I have finally found out the secret to Danish cuisine, well the secret to how to pay for breakfast and dinner for the price of a single breakfast. Breakfast and lunch are paid for by the company I work under contract with. The trick is finding diner for as cheap as possible. I found that the secret is to take some breakfast with you when you’re done.
Apparently it is not a secret at all, but something that the Danes do all the time. Breakfast in Denmark is a combination of lunch meat, salami, lettuce, mayonnaise, and rolls, fresh fruit, and cold cereal and sometimes fish. I noticed that they always serve us way more than we can eat, and I noticed that at the breakfast bar there are always rolls and rolls of aluminum foil. Then the other morning I noticed other people (besides our group) getting breakfast. They made two sandwiches, one for breakfast, and another to stuff into their jacket presumably for lunch.
I also get a paid lunch so my breakfast later becomes my dinner, and since outside is about the same temperature as the inside of a refrigerator all I have to do is leave my breakfast/dinner in the car until after work.
Speaking of paid lunch, today we had salad, boiled potatoes, and frikadeller. My Mom will immediately recognize the name as she has made them for us many times. Tak for mad (thank you for the meal) Frikadellar is a basically a Danish meatball. These looked a lot like the eggs from Alien. They were large, tasted wonderful, and didn’t hatch a single monster. I highly recommend them to anyone wishing to try a rational Danish dish. The ones served in our cafeteria were not like the recipe listed below. There was no sauce and the chef told me it was veal.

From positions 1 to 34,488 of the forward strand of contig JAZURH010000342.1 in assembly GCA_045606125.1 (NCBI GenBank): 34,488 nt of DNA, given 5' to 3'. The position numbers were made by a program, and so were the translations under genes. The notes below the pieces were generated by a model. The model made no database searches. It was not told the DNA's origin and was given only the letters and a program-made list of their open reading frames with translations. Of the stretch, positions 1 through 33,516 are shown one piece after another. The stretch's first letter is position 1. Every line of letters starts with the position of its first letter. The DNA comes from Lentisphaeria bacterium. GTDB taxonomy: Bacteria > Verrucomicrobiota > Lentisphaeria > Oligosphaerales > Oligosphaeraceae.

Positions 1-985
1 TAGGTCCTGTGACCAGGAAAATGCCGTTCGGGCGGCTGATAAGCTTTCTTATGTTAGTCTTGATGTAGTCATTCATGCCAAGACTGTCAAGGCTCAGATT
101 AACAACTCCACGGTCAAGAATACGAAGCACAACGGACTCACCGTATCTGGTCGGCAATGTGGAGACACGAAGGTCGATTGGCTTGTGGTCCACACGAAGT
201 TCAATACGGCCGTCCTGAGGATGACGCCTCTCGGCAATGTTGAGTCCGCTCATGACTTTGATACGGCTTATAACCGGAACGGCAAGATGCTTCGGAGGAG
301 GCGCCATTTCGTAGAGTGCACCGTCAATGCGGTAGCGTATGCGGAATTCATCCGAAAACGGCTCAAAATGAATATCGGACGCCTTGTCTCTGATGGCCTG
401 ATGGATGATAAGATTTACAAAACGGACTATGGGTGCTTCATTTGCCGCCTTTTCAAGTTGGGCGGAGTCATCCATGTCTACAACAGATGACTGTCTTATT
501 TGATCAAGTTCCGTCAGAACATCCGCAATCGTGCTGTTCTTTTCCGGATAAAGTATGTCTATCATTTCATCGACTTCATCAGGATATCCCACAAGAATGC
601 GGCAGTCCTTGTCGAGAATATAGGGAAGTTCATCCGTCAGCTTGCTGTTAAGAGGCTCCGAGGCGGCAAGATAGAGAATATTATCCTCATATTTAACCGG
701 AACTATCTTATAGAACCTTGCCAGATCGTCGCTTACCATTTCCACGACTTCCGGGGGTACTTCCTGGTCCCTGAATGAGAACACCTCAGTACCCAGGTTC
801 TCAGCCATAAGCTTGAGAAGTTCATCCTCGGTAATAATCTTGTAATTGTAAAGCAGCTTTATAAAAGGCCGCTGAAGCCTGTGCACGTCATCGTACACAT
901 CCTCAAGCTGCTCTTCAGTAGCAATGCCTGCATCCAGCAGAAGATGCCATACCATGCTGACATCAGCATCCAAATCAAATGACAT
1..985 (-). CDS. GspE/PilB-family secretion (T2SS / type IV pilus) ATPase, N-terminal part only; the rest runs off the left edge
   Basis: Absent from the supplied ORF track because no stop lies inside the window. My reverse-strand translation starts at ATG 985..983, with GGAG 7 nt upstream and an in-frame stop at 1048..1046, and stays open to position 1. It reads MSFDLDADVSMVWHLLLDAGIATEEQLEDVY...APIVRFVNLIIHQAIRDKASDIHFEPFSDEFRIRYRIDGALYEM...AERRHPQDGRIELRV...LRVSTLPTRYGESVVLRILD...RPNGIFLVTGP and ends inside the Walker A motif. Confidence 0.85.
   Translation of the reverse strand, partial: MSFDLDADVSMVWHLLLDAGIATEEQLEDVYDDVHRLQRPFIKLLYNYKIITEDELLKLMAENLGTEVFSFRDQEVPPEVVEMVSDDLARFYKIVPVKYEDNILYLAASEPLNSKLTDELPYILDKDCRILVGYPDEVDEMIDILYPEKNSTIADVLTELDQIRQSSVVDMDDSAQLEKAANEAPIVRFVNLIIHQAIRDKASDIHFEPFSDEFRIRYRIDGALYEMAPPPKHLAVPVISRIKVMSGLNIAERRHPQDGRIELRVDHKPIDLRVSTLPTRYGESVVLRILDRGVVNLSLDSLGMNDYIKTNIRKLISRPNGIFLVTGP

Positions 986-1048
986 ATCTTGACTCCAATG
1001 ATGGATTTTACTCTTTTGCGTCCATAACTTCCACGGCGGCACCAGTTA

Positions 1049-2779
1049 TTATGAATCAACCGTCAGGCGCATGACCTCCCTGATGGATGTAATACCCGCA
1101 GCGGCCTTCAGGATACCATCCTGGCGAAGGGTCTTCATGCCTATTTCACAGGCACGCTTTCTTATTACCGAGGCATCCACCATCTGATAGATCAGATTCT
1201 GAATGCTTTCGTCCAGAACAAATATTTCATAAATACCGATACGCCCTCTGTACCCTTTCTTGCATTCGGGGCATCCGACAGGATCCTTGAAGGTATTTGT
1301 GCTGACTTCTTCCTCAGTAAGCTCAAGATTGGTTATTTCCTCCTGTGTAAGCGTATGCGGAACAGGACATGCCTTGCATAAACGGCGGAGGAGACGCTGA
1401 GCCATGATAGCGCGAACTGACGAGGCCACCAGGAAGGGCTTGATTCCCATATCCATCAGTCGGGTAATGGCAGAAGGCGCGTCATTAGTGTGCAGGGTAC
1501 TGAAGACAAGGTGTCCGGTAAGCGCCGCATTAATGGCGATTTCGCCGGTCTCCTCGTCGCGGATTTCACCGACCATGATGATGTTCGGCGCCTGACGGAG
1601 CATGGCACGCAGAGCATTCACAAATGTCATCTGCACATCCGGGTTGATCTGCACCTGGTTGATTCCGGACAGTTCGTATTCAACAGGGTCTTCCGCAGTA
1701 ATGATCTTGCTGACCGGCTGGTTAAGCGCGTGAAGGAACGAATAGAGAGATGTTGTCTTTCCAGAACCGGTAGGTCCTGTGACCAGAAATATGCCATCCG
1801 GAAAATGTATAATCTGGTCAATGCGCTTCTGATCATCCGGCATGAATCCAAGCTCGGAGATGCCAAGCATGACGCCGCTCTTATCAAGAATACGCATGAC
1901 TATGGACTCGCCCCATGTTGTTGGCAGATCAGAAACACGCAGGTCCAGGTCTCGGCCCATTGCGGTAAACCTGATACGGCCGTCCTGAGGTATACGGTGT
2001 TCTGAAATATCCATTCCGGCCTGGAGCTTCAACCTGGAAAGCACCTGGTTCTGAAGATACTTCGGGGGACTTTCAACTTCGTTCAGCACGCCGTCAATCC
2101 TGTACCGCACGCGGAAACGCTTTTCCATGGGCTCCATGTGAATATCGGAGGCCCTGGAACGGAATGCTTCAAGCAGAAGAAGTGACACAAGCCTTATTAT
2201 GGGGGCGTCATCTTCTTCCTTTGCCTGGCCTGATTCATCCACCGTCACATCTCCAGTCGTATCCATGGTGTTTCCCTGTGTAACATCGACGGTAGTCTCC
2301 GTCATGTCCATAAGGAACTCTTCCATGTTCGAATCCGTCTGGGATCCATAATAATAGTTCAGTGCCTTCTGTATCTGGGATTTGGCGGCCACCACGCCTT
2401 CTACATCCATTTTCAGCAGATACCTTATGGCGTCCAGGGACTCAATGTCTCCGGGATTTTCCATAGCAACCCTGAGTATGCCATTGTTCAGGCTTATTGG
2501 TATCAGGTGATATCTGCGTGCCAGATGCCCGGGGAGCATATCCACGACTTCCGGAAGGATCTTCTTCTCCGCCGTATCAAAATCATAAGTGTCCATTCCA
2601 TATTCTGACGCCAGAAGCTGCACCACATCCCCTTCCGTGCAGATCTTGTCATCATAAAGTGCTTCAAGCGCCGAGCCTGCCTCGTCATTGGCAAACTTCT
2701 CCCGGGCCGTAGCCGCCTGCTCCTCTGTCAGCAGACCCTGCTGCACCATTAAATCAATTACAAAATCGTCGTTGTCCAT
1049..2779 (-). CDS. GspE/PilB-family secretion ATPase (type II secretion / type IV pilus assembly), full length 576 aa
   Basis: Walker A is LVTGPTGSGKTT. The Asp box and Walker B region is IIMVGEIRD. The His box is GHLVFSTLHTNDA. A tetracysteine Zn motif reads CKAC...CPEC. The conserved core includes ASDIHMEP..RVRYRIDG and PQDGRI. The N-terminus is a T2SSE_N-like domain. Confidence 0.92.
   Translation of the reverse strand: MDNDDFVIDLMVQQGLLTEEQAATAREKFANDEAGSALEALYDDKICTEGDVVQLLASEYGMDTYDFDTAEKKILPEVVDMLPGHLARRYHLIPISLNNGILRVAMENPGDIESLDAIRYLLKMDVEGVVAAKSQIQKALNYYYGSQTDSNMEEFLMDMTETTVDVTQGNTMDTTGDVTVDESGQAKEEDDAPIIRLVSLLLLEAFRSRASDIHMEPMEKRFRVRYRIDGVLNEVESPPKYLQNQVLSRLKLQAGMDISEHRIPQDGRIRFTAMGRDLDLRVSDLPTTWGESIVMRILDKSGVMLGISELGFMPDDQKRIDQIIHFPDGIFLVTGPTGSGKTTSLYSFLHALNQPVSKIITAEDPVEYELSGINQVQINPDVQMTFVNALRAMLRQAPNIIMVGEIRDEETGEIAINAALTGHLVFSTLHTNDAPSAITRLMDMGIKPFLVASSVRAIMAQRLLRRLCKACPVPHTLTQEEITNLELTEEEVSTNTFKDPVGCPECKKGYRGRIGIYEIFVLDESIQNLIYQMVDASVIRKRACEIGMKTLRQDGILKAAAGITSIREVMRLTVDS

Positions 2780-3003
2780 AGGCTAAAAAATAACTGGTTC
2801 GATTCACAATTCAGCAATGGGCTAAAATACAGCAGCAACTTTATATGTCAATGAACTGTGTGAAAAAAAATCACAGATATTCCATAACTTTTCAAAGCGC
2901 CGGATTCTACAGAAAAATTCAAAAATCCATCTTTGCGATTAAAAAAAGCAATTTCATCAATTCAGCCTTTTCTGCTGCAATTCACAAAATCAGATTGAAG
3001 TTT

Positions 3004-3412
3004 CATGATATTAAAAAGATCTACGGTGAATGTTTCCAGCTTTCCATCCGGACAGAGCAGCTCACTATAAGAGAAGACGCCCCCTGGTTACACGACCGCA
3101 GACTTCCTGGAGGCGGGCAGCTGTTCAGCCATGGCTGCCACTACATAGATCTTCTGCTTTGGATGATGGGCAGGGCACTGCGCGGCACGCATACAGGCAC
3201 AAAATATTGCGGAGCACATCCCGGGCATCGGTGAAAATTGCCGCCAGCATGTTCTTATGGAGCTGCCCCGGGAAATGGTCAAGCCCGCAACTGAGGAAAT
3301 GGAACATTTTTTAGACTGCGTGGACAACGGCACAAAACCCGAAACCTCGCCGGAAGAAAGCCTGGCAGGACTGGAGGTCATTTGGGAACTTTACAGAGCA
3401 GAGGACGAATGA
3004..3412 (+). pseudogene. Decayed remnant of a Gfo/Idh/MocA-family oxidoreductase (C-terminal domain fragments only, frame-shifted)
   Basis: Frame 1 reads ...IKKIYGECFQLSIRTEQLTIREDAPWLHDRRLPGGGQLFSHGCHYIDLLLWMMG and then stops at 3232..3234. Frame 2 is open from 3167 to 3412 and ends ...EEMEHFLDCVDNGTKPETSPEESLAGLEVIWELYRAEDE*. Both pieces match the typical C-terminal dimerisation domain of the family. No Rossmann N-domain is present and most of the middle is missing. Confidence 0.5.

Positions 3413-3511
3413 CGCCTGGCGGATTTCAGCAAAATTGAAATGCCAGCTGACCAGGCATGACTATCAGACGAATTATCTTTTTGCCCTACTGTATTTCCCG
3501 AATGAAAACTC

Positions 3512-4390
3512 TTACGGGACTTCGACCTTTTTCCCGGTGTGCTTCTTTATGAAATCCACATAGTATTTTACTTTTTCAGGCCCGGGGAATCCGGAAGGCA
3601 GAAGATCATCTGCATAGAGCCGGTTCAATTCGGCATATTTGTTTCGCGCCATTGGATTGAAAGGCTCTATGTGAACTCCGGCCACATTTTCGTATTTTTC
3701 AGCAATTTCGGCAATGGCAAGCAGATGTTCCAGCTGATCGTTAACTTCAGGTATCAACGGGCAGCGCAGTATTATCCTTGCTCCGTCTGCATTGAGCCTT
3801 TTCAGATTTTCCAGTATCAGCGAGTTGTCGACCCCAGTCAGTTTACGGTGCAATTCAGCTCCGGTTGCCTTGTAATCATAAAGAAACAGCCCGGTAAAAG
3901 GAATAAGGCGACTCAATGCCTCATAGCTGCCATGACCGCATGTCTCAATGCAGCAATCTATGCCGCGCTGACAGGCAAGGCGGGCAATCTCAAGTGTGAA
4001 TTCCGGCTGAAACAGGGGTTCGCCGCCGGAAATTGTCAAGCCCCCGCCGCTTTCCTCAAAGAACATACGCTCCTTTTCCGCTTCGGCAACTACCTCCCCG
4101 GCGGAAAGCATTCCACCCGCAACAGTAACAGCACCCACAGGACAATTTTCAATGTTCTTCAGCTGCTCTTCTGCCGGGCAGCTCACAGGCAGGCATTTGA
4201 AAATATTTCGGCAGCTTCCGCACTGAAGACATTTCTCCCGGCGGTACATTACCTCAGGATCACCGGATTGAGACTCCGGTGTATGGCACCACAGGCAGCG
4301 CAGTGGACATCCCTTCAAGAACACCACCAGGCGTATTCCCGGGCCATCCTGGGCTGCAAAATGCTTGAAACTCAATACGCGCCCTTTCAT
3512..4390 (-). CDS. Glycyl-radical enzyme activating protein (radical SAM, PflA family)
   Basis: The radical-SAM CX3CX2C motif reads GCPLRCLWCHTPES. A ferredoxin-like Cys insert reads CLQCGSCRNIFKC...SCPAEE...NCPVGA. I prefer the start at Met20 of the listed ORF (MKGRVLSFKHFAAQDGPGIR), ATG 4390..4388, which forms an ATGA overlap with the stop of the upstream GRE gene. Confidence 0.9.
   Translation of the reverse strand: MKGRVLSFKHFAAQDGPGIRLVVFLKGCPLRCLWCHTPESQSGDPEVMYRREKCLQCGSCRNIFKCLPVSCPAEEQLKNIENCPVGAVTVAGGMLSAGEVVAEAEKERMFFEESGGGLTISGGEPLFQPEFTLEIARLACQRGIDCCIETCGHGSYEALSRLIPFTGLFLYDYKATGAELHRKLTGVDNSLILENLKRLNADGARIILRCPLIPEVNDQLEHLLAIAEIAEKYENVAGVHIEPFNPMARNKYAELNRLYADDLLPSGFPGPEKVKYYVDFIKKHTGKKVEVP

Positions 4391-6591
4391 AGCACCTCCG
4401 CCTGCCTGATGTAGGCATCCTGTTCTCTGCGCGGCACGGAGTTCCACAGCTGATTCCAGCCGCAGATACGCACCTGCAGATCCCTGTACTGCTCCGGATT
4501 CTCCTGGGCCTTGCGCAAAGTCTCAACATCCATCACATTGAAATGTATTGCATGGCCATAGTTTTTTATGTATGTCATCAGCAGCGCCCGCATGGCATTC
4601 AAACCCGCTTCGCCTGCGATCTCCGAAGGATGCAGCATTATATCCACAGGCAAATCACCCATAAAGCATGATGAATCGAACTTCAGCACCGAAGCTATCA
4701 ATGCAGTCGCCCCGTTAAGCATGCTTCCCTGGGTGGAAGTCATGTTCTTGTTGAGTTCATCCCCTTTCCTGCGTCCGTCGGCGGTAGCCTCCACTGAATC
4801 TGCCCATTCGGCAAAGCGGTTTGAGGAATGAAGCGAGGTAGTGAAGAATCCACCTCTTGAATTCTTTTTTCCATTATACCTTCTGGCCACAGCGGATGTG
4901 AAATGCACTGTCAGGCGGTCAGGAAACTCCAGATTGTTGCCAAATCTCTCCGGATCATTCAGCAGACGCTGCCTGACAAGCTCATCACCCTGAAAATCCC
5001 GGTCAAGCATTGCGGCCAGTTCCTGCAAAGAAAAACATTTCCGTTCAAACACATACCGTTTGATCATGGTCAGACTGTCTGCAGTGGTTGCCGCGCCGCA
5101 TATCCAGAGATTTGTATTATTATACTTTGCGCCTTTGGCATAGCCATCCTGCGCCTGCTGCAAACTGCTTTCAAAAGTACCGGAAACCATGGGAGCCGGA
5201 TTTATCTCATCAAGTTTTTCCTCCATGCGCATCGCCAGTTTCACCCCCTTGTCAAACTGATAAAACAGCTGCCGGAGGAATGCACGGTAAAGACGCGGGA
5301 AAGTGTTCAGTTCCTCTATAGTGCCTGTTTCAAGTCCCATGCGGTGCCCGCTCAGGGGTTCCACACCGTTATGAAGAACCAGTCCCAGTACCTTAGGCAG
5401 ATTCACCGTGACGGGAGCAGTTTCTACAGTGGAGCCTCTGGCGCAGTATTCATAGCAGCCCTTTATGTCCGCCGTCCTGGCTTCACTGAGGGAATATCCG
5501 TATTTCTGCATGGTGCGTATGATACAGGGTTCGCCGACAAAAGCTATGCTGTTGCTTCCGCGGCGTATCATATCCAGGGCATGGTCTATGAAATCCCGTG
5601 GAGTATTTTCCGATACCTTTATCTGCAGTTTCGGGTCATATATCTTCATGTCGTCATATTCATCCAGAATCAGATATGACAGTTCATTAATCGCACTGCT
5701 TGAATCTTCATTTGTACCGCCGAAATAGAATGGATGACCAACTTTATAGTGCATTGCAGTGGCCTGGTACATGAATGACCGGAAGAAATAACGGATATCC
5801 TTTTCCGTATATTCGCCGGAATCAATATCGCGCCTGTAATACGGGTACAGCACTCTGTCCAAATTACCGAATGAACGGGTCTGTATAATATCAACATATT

Here is a recipe I found
FRIKADELLER DANISH MEAT BALLS
1 lb. meat loaf mixture (veal, pork, beef)
1 onion, minced
1 c. fine bread crumbs
1 1/2 c. milk
1 egg, beaten
1/2 tsp. salt & pepper each
4 oz. Danish blue cheese
6 tbsp. butter
2 tbsp. flour
1 c. chicken bouillon
1 c. dairy sour cream
Combine meat, onion and crumbs; beat in milk, eggs, seasoning until light. Cut cheese in 1/2 inch cubes. With wet hands, pat 1/4 cup of mixture around each cheese cube and shape into egg-like ovals. Brown Frikadeller on all sides in butter until thoroughly done. Remove and keep warm. Stir flour into drippings, add bouillon and cook until thick. Stir in sour cream, heat gently. Pour over Frikadeller.